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Grant-funded Internship Positions

Applications for the following positions accepted through May 20,  2024 or until filled!

WaterWRLD (Water as a platform for Workforce Readiness and Leadership Development) 

Interns will:

  • Increase understanding of community-based conservation and river restoration opportunities for the Santa Cruz River Watershed, as well as engaging on urban ecology and environmental justice issues.
  • Build relationships with WMG and other local environmental professionals, and work closely with one or more WMG staff mentors. 
  • Develop leadership, community outreach, and environmental education skills and experience

Have Questions?
Check out a recording of an internship information panel on our YouTube channel! Please note that this video refers to WMG's internship program which usually ran from Fall through Spring for University of Arizona students. While much of the information will be applicable, some may not. For more information, please contact Julie Regalado at jregalado@watershedmg.org.

 Internship Opportunities - currently open 

Native Edible Tree Intern (Full position description)
August - December 2024

The Native Edible Tree Intern will assist WMG with a project funded through Arizona State Forestry to explore the use of native edible trees and plants in our region through education and events on urban foraging, cultivating, harvesting and processing of these foods. The intern will assist with logistics and help teach workshops on Sonoran Desert Native Edibles, Building Native Food Forests, and Native Edible Kit Distribution events both at WMG's Living Lab and in various Tucson neighborhoods. The position will also provide support for a variety of  Community Asset Mapping events to explore opportunities for existing urban foraging, and identify areas where urban food forests could be planted and established.   WMG seeks an intern who is able and interested in engaging with limited-income, BIPOC, and LGBTQ+ communities.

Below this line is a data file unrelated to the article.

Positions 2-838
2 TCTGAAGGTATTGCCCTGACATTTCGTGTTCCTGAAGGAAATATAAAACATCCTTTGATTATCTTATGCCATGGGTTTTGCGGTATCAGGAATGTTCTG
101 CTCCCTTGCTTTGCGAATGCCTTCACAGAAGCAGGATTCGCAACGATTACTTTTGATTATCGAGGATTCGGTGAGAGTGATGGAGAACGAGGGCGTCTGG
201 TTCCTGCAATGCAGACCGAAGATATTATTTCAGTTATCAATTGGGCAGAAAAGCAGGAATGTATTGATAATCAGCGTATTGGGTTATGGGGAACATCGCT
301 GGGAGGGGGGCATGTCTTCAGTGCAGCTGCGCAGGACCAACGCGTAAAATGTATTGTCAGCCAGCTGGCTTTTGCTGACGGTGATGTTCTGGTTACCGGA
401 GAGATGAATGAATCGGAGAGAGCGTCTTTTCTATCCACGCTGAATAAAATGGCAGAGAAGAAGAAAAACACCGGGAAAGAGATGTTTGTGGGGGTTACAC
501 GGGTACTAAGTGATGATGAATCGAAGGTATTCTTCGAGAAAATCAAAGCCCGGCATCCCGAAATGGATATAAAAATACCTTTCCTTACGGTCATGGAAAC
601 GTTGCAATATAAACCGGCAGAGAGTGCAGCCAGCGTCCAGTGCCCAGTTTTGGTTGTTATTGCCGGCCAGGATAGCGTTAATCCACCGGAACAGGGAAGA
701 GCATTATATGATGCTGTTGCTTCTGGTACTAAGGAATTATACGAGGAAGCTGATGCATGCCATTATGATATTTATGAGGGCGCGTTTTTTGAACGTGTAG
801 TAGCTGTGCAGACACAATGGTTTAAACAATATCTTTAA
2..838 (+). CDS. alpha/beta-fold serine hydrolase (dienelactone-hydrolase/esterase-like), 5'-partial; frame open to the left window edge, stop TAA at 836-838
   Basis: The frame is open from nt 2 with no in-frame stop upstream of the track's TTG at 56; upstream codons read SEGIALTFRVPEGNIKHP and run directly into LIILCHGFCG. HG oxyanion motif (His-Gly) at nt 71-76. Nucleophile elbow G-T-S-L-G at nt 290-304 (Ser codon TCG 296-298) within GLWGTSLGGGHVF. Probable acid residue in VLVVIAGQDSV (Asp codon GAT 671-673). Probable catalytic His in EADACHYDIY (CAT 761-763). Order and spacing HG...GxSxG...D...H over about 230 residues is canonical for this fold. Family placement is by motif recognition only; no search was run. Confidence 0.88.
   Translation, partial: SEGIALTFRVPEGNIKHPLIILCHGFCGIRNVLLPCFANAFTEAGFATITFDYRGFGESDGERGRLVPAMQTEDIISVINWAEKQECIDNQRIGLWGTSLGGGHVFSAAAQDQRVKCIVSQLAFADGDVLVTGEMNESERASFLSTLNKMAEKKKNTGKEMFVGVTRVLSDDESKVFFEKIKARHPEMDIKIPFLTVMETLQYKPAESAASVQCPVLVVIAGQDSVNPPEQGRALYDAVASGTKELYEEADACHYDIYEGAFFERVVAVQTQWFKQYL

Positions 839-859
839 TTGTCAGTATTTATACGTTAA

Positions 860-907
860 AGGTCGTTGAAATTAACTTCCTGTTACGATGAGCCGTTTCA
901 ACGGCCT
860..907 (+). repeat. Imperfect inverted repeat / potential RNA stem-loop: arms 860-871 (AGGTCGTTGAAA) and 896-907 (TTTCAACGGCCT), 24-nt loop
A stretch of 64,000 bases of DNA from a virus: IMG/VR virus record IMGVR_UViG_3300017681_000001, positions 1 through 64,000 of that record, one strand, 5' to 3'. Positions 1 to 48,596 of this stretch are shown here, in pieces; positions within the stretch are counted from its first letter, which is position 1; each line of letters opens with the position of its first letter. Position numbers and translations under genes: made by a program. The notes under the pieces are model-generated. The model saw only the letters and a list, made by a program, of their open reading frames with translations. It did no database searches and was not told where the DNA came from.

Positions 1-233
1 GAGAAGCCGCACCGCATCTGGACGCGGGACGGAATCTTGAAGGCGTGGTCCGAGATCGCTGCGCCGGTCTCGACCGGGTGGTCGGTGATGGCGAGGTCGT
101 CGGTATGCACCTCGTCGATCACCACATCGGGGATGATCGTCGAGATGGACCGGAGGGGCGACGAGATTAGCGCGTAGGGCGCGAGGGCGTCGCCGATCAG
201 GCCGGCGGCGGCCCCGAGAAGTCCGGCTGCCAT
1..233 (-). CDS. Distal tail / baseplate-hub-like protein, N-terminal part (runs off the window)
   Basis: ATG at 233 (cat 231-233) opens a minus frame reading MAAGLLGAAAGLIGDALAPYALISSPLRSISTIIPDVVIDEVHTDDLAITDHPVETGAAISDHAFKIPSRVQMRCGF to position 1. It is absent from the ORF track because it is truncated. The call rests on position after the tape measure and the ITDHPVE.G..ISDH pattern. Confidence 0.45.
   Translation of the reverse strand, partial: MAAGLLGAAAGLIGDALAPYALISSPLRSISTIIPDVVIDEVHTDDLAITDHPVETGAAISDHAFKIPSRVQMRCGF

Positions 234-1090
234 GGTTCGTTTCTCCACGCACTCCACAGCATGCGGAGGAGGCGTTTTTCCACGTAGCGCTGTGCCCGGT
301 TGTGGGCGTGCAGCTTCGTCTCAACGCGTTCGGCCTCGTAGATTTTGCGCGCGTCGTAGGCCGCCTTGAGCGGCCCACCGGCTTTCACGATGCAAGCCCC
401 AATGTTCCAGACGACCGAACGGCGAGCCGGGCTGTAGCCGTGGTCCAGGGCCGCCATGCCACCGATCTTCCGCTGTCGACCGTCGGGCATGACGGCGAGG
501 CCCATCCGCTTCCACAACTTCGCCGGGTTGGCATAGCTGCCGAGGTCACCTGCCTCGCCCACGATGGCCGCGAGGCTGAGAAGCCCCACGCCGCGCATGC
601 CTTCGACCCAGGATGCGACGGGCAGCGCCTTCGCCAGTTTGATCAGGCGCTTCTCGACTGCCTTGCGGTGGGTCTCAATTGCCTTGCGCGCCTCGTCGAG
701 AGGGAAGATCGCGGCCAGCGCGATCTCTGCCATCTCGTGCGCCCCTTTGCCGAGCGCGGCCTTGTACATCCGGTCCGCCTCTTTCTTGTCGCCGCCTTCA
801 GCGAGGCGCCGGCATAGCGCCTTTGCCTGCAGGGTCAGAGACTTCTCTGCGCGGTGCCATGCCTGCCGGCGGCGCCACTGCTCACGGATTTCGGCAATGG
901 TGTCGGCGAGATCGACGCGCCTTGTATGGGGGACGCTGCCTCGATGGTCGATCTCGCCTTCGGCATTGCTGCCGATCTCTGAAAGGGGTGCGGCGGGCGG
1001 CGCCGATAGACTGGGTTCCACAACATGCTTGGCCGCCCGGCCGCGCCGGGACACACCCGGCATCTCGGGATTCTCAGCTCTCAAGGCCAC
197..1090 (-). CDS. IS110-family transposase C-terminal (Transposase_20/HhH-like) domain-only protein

River Run Network Education and Outreach Intern (Full position description) 
Fall 2024 - Spring 2025

The River Run Network Restoration and Outreach interns will be part of the WMG team working on the River Run Network (RRN) program to restore Tucson’s heritage of flowing creeks and rivers. They will assist with community outreach, education, and advocacy with the goal of engaging the public in WMG’s 50-year vision to restore flow and recruiting and engaging River Run Network members. The RRN intern will help build partnerships and collaborate WMG’s Staff on the invasive species removal effort in the Tanque Verde Creek. The intern will support this effort through leading and engaging volunteers during workshops and in the Tucson Community.  WMG can offer two positions for this internship - one focusing more on communications, one focused on fieldwork.